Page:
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A125581 Numbers n such that n does not divide the denominator of the n-th harmonic number nor the denominator of the n-th alternating harmonic number. 12
77, 847, 9317, 102487, 596778, 1127357, 1193556, 6161805, 12323610, 12400927 (list; graph; refs; listen; history; text; internal format)
OFFSET

1,1

COMMENTS

Note that a(1) = 7*11, a(2) = 7*11^2, a(3) = 7*11^3.

Harmonic numbers are defined as H(n) = Sum[ 1/k, {k,1,n} ] = A001008(n)/A002805(n).

Alternating harmonic numbers are defined as H'(n) = Sum[ (-1)^(k+1)*1/k, {k,1,n} ] = A058313(n)/A058312(n).

Numbers n such that n does not divide the denominator of the n-th harmonic number are listed in A074791. Numbers n such that n does not divide the denominator of the n-th alternating harmonic number are listed in A121594.

Sequence is the intersection of A074791 and A121594.

Comments from Max Alekseyev, Mar 07 2007: (Start) While A125581 indeed contains the geometric progression 7*11^n as a subsequence, it also contains other geometric progressions such as: 546*1093^n, 1092*1093^n, 1755*3511^n, 3510*3511^n and 4896*5557^n (see A126196 and A126197). It may also contain some "isolated" terms (i.e. not participating in the geometric progressions) but such terms are harder to find and at the moment I have no proof that they exist.

This is a sketch of my proof that geometric progression 7*11^n and the others mentioned above belong to A125581.

Lemma 1. H'(n) = H(n) - H([n/2])

Lemma 2. For prime p and integer n>=p, valuation(H(n),p) >= valuation(H([n/p]),p) - 1

Theorem. For an integer b>1 and a prime number p such that p divides the numerators of both H(b) and H([b/2]), the geometric progression b*p^n belongs to A125581.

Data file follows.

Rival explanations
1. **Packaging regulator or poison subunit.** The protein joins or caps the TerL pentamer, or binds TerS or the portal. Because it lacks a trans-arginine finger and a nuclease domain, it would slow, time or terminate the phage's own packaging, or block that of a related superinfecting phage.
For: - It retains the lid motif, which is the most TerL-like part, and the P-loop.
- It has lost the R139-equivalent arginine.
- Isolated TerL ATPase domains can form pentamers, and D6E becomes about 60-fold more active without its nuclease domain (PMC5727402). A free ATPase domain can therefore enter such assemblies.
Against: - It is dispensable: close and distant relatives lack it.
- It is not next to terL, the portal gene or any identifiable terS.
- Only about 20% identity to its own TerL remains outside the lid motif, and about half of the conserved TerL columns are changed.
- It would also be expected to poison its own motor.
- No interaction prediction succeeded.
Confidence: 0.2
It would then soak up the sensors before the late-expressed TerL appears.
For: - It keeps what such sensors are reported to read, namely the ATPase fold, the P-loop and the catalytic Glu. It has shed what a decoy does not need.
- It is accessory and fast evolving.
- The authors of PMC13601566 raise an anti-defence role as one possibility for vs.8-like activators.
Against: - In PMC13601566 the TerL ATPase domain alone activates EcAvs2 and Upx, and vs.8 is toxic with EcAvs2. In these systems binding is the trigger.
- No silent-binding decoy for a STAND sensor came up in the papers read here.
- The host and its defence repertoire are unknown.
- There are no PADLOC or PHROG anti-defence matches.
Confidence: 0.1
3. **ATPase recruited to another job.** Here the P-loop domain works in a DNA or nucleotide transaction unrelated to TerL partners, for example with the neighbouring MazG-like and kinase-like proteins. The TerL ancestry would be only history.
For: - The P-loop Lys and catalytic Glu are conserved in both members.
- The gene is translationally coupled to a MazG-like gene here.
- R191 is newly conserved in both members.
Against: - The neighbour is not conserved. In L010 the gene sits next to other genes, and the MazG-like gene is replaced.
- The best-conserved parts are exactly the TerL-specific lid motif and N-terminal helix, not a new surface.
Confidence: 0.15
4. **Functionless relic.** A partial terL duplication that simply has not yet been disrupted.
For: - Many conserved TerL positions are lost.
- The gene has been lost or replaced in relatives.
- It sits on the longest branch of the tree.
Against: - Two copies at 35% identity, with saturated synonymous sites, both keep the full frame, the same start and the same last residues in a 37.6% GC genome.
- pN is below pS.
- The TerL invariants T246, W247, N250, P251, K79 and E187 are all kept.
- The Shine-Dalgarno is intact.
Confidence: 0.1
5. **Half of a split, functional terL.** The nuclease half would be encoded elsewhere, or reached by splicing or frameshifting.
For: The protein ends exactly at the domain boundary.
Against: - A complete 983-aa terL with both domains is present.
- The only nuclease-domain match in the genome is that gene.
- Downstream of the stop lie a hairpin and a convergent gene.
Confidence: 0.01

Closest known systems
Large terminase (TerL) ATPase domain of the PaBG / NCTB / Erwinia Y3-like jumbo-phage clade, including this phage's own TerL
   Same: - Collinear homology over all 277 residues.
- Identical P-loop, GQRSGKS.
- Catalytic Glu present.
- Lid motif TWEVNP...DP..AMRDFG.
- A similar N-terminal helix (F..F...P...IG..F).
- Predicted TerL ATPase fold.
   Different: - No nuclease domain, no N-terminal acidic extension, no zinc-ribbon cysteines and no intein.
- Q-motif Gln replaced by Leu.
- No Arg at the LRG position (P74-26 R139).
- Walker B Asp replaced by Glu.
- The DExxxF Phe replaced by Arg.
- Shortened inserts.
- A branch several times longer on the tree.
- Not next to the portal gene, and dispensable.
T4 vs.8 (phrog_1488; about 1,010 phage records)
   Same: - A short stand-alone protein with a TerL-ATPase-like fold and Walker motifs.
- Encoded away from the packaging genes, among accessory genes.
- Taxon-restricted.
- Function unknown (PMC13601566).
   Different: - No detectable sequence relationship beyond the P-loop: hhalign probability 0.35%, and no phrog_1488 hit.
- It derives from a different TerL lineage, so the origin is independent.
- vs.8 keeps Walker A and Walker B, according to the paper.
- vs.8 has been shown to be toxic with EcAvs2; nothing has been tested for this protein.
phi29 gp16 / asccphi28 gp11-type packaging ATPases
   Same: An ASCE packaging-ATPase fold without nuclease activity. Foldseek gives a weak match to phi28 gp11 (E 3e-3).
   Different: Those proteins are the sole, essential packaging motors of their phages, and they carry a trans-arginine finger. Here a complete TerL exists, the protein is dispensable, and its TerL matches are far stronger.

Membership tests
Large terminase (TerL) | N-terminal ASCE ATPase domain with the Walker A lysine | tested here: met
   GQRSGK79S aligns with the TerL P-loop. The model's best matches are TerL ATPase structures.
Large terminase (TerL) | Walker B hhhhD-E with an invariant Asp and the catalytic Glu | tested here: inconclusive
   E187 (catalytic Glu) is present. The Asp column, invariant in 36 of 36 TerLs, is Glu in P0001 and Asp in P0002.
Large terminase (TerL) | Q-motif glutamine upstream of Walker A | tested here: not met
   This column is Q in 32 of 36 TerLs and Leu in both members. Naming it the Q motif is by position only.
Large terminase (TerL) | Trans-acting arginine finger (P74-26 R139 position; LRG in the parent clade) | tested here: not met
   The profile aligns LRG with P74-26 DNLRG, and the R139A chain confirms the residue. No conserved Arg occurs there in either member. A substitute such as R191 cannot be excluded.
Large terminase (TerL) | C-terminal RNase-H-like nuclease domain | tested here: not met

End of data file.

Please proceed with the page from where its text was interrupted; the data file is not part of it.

Proof. It is enough to show that valuation(H(b*p^n),p)>-n and valuation(H'(b*p^n),p)>-n. By Lemma 2 we have valuation(H(b*p^n),p) >= valuation(H(b),p) - n >= 1-n > -n.

From this inequality and Lemma 1, we have valuation(H'(b*p^n),p) >= min{ valuation(H(b*p^n),p), valuation(H([b*p^n/2]),p) } >= min{ 1-n, valuation(H([b*p^n/2]),p) }. It remains to show that valuation(H([b*p^n/2]),p) >= 1-n.

Again by Lemma 2, we have valuation(H([b*p^n/2]),p) >= valuation(H([b/2]),p) - n >= 1-n that completes the proof.

It is easy to check that this Theorem holds for the aforementioned geometric progressions. (End)

LINKS

Table of n, a(n) for n=1..10.

Tanya Khovanova, Non Recursions

Eric Weisstein, Link to a section of The World of Mathematics. Harmonic Number.

MATHEMATICA

f=0; g=0; Do[g=g+1/n; f=f+(-1)^(n+1)/n; If[ !IntegerQ[Denominator[g]/n]&&!IntegerQ[Denominator[f]/n], Print[n]], {n, 1, 10000}]

CROSSREFS

Cf. A001008, A002805, A058313, A058312, A074791, A121594, A119955, A003599.

Sequence in context: A222728 A223649 A205434 * A176632 A093277 A217643

Adjacent sequences:  A125578 A125579 A125580 * A125582 A125583 A125584

KEYWORD

hard,more,nonn

AUTHOR

Alexander Adamchuk, Jan 03 2007

EXTENSIONS

More terms from Max Alekseyev, Mar 11 2007

a(8)-a(10) from Max Alekseyev, Mar 19 2007

STATUS

approved

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Last modified September 26 10:46 EDT 2017. Contains 292518 sequences.